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contact: Judy Stanton
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hamilton jordan awardeeGeorgia Leaders Work To Improve Cancer Control

ATLANTA (GA) – More than 35,000 cases of cancer will be diagnosed in Georgia this year – about 97 cases per day. Unfortunately, more than 14,950 Georgians are projected to die from the disease as well. With cancer serving as the second leading cause of death in Georgia, actions must be taken to reduce incidence rates, screen and detect the disease earlier and ensure healthcare providers meet or exceed national standards of cancer care. Diverse groups including the Georgia Department of Human Resources, Division of Public Health have collaborated with oncologists, cancer survivors and others statewide to revise Georgia’s Comprehensive Cancer Control Plan and tackle this issue head on.
“We recently met with oncology experts across the state to develop an updated roadmap for cancer control in Georgia over the next five years,” said Dr. Stuart Brown, Director of the Division of Public Health. “Based on collaborative input and using the best scientific evidence, we identified 16 goals with specific objectives to help us achieve comprehensive cancer control.”
The goals fall into five categories across the spectrum of cancer care. The categories include:

  1. Prevention
  2. Early detection and screening
  3. Cancer diagnosis and staging
  4. Treatment and palliation and
  5. Data and metrics.


The prevention category focuses on the nearly two-thirds of cancer deaths that can be linked to modifiable risk factors such as tobacco use, diet, obesity and lack of physical activity. This category seeks to decrease tobacco use among Georgians and reduce the number of overweight and obese children. It will also target lessening the incidence of cervical cancer and the prevalence of the human papilloma virus (HPV).

The burden of cancer can be reduced significantly with appropriate use of mammography, colorectal screening and other early detection examinations. Yet, many Georgians do not have access to these preventive screening options. Removing barriers to cancer screening services is one of the primary focuses of the early detection and screening category. Other targets include increasing participation in recommended screenings for breast, colorectal, cervical and prostate cancers and improving the quality and effectiveness of cancer screening and follow-up services.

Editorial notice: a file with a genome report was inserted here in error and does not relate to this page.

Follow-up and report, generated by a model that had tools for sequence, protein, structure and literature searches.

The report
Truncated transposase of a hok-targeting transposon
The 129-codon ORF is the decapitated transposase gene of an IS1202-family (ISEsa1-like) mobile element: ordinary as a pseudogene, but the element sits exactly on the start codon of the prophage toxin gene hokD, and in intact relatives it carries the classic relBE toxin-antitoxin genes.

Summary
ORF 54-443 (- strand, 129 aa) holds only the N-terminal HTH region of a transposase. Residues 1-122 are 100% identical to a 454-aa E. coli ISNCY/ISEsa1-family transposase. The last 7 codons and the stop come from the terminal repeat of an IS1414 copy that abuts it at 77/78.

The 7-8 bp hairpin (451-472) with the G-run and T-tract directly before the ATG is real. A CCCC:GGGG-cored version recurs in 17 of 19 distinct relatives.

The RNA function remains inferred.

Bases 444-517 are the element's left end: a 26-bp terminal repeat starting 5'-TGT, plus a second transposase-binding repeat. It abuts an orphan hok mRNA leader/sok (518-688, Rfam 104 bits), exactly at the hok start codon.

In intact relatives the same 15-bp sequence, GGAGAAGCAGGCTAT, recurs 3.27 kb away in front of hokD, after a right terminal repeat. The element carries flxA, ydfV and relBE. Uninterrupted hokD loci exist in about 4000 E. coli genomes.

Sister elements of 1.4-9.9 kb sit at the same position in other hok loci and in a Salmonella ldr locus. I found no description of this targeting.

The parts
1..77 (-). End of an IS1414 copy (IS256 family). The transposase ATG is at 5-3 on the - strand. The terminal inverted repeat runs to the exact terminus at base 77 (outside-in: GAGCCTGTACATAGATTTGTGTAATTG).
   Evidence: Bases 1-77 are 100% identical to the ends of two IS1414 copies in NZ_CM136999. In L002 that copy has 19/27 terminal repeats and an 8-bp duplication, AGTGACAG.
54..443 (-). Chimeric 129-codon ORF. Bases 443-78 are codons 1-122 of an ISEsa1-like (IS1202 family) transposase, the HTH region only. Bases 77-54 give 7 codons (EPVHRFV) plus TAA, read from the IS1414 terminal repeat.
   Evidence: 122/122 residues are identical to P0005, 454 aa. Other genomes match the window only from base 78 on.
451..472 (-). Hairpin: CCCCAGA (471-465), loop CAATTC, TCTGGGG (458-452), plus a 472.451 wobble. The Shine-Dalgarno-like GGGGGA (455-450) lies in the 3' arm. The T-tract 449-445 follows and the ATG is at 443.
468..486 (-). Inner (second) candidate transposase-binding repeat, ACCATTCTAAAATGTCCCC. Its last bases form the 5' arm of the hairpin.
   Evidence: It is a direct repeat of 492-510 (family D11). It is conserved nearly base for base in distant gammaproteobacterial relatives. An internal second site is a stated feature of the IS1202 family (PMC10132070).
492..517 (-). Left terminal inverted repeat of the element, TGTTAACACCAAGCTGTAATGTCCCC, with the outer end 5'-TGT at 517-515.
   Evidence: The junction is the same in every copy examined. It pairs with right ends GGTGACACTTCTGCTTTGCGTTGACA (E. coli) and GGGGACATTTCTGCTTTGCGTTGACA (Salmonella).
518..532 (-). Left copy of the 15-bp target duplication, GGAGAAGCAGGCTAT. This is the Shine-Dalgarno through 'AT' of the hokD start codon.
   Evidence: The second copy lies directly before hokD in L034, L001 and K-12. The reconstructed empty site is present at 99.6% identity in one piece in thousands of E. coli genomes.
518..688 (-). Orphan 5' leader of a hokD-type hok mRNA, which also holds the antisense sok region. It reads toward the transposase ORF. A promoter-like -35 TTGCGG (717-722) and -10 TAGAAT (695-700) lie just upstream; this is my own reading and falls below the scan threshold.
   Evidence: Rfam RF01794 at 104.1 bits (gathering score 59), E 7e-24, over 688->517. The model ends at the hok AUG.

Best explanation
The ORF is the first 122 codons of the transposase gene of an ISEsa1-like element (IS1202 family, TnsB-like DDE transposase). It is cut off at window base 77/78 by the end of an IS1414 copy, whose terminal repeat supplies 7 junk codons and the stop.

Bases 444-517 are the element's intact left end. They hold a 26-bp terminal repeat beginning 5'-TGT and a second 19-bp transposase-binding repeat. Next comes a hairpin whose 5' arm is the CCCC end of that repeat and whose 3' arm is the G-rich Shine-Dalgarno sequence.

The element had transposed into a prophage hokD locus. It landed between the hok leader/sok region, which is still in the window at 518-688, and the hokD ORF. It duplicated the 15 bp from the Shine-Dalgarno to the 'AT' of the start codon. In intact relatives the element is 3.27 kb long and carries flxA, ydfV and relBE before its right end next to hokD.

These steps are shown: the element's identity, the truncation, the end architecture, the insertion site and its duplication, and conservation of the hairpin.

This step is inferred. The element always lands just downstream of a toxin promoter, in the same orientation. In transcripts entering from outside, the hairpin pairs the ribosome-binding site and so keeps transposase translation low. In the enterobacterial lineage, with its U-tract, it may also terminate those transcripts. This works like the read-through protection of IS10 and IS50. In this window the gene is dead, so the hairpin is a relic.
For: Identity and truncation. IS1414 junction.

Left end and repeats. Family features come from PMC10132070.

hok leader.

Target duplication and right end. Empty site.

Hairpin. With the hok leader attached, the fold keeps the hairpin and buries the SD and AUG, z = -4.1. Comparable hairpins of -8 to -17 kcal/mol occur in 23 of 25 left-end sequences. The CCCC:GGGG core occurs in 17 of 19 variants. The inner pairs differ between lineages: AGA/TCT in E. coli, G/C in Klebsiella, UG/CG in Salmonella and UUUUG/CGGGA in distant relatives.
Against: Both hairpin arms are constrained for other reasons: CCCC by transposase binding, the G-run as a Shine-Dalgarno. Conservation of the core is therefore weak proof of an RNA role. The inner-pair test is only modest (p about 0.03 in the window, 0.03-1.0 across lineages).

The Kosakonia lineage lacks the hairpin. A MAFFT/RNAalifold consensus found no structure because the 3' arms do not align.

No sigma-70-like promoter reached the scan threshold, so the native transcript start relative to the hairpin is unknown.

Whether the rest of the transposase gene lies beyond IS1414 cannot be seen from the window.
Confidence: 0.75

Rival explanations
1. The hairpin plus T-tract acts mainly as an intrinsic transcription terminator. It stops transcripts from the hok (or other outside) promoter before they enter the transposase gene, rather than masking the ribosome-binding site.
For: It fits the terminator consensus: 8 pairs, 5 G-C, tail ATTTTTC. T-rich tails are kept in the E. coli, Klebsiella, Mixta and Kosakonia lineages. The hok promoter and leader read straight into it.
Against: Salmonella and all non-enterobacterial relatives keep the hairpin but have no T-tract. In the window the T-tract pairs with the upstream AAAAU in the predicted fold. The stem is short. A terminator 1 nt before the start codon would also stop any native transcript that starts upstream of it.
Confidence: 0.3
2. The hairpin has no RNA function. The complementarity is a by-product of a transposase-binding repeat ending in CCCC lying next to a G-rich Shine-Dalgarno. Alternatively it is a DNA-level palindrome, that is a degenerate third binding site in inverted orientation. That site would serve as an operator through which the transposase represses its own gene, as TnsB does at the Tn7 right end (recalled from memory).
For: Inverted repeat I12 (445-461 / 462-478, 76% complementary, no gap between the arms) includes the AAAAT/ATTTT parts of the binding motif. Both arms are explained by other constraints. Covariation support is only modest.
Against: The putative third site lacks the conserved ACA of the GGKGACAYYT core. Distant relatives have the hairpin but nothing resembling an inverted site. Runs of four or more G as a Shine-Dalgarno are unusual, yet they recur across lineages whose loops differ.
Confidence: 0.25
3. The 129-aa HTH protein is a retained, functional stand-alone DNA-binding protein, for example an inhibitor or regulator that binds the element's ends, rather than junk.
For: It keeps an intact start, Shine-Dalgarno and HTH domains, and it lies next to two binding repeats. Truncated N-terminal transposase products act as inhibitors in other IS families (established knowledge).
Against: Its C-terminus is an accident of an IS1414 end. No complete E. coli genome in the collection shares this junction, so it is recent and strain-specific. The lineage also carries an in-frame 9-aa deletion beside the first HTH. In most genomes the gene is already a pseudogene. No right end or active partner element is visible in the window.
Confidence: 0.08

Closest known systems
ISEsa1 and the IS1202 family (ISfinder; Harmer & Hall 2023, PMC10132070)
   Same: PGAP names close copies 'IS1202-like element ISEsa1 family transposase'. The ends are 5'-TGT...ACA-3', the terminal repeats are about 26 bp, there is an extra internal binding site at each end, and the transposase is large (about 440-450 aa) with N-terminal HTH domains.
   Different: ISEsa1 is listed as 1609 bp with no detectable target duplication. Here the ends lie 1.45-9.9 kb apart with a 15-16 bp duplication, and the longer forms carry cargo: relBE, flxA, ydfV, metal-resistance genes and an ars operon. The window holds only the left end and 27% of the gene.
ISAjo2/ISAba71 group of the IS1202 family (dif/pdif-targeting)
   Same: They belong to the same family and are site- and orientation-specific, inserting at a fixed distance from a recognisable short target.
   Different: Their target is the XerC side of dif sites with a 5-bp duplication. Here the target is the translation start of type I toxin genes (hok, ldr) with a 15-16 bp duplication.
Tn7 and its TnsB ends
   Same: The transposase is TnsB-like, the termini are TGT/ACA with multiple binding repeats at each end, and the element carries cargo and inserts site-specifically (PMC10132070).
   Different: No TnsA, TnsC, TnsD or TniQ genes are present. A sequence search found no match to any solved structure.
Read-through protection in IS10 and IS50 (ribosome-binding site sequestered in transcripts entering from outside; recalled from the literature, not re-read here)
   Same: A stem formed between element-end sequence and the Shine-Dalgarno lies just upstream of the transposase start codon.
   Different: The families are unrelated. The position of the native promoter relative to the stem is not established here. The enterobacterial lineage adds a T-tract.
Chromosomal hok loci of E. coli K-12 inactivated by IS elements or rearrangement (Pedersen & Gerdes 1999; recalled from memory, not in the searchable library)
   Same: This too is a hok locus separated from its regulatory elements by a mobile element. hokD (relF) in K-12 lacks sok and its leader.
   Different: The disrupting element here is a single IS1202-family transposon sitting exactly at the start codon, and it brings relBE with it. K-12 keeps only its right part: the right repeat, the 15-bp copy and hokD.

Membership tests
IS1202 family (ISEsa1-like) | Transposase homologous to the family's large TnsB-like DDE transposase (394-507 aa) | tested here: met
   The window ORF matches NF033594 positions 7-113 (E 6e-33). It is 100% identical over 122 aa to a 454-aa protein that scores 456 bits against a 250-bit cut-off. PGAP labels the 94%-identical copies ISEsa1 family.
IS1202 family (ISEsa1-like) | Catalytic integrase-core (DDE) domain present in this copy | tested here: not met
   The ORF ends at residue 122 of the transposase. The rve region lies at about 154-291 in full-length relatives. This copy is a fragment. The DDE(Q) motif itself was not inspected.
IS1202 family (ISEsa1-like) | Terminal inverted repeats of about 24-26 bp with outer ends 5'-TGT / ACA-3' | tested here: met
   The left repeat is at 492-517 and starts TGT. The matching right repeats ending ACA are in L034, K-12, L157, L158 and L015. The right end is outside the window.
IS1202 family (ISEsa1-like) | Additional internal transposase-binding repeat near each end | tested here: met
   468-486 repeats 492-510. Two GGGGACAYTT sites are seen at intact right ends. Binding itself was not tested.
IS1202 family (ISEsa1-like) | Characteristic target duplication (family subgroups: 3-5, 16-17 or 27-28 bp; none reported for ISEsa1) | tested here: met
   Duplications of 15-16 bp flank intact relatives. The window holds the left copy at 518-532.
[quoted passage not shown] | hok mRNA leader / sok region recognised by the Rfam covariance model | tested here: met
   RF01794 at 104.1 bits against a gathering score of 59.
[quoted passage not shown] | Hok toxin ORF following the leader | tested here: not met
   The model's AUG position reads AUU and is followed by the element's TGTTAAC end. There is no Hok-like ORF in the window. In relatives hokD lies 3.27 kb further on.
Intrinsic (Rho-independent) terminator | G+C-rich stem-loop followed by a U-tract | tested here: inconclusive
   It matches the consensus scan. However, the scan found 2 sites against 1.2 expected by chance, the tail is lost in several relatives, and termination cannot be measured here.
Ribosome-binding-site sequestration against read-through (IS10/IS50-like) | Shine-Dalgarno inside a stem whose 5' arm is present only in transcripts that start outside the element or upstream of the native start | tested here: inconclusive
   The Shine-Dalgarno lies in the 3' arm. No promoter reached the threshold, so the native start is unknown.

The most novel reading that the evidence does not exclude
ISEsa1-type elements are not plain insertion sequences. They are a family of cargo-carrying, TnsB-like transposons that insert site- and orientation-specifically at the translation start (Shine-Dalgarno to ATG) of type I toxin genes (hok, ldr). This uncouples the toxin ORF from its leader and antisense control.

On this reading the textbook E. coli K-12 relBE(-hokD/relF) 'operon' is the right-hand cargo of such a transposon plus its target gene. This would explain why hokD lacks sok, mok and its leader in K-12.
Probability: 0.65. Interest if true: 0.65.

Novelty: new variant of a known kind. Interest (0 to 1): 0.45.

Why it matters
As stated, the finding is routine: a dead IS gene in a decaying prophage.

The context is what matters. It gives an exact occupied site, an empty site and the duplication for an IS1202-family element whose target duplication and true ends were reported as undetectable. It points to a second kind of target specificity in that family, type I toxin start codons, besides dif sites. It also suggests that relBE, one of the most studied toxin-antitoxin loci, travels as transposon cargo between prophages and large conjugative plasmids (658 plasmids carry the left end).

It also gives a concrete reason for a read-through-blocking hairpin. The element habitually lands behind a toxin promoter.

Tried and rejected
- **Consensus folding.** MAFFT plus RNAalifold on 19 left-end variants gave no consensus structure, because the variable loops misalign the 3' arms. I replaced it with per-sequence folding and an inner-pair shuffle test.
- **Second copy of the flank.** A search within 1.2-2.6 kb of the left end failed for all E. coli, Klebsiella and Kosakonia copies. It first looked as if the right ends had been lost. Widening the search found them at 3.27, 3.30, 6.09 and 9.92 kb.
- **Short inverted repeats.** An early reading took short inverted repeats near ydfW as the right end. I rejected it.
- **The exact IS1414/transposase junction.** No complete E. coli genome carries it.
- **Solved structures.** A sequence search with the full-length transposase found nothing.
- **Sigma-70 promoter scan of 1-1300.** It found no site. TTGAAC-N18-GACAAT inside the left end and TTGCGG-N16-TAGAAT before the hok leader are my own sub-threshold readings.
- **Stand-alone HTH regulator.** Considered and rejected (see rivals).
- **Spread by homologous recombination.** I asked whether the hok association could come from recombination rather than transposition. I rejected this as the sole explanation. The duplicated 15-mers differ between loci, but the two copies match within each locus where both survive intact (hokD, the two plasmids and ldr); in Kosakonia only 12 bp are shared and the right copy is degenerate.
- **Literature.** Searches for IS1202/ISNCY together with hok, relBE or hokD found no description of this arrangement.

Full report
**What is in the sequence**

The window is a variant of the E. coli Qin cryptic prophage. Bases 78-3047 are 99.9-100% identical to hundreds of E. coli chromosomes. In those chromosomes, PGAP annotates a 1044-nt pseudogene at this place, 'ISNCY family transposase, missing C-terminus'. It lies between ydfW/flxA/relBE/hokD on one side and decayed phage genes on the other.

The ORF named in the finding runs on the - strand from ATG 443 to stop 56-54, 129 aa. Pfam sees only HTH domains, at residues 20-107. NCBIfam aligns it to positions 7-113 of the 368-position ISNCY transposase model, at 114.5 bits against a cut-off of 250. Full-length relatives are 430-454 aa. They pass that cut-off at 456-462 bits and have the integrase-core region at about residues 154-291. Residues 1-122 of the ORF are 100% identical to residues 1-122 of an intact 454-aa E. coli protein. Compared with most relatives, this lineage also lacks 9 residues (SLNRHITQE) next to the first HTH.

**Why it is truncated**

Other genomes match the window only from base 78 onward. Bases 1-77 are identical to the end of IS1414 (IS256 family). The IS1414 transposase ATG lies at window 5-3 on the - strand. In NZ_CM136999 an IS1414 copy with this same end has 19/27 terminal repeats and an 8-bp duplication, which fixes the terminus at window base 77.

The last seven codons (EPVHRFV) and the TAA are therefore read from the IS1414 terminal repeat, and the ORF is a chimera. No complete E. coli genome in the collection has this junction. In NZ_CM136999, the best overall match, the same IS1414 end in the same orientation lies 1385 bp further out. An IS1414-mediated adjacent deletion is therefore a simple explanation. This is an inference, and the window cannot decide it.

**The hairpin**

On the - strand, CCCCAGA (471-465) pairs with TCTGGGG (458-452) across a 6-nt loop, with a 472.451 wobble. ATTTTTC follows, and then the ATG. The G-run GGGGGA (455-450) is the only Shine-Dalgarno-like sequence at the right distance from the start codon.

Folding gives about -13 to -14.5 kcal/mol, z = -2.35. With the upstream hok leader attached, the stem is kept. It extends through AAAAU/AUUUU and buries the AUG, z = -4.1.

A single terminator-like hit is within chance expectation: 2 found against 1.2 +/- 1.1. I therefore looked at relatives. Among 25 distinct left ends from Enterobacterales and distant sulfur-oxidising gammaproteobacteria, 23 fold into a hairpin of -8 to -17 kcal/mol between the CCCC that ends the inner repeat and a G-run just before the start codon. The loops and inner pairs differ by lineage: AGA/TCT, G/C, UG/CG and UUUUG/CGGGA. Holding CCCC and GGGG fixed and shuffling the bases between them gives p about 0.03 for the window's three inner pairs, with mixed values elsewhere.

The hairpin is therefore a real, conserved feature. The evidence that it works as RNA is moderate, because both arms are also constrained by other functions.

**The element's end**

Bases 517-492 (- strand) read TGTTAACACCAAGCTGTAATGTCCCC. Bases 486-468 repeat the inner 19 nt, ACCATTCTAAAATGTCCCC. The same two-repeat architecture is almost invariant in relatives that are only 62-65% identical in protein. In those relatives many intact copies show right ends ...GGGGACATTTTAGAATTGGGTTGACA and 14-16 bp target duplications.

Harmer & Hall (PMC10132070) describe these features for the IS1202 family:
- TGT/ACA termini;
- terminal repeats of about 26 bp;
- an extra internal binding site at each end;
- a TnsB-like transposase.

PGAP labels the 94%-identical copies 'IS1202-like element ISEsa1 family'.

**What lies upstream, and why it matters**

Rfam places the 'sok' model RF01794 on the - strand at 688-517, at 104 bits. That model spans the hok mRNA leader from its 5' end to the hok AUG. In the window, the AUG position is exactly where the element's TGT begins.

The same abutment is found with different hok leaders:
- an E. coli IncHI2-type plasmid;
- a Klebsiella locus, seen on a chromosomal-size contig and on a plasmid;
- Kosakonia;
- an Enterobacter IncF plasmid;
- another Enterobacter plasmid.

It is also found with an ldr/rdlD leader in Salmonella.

The third category, cancer diagnosis and staging, seeks progress in ensuring the timeliness and quality of acquisition, pathology and staging prior to cancer treatment and the uniformity and accuracy of documentation. Physicians, epidemiologists, cancer registrars and health care administrators served on the committee to identify this goal.

In treatment and palliation, the fourth category, ensuring hospital compliance with the National Comprehensive Cancer Network (NCCN) guidelines is key. Other elements under this goal include: increasing the number of Georgians involved in cancer clinical trials and having palliative care available for a large proportion of cancer patients from the time of diagnosis.
The fifth and final category, data and metrics, will improve providers’ knowledge and use of available public health data related to cancer. The committee suggests establishing ongoing and collaborative processes for addressing cancer data and metrics. The category seeks to also expand and enhance cancer data collection from existing and new sources and implement improved information management tools and technologies.

Changes to Georgia’s Comprehensive Cancer Control Plan is the first step in combating cancer in the state. The Coalition’s State Cancer Summit will meet with others involved with cancer care in Georgia on January 14-15, 2008 to discuss collaboration details for implementation of the plan.

Funding and support for Georgia’s plan is provided by the Centers for Disease Control and Prevention (CDC). Leadership was provided by DHR, the Department of Community Health and the Georgia Cancer Coalition. The Georgia Health Policy Center at Georgia State University facilitated the process.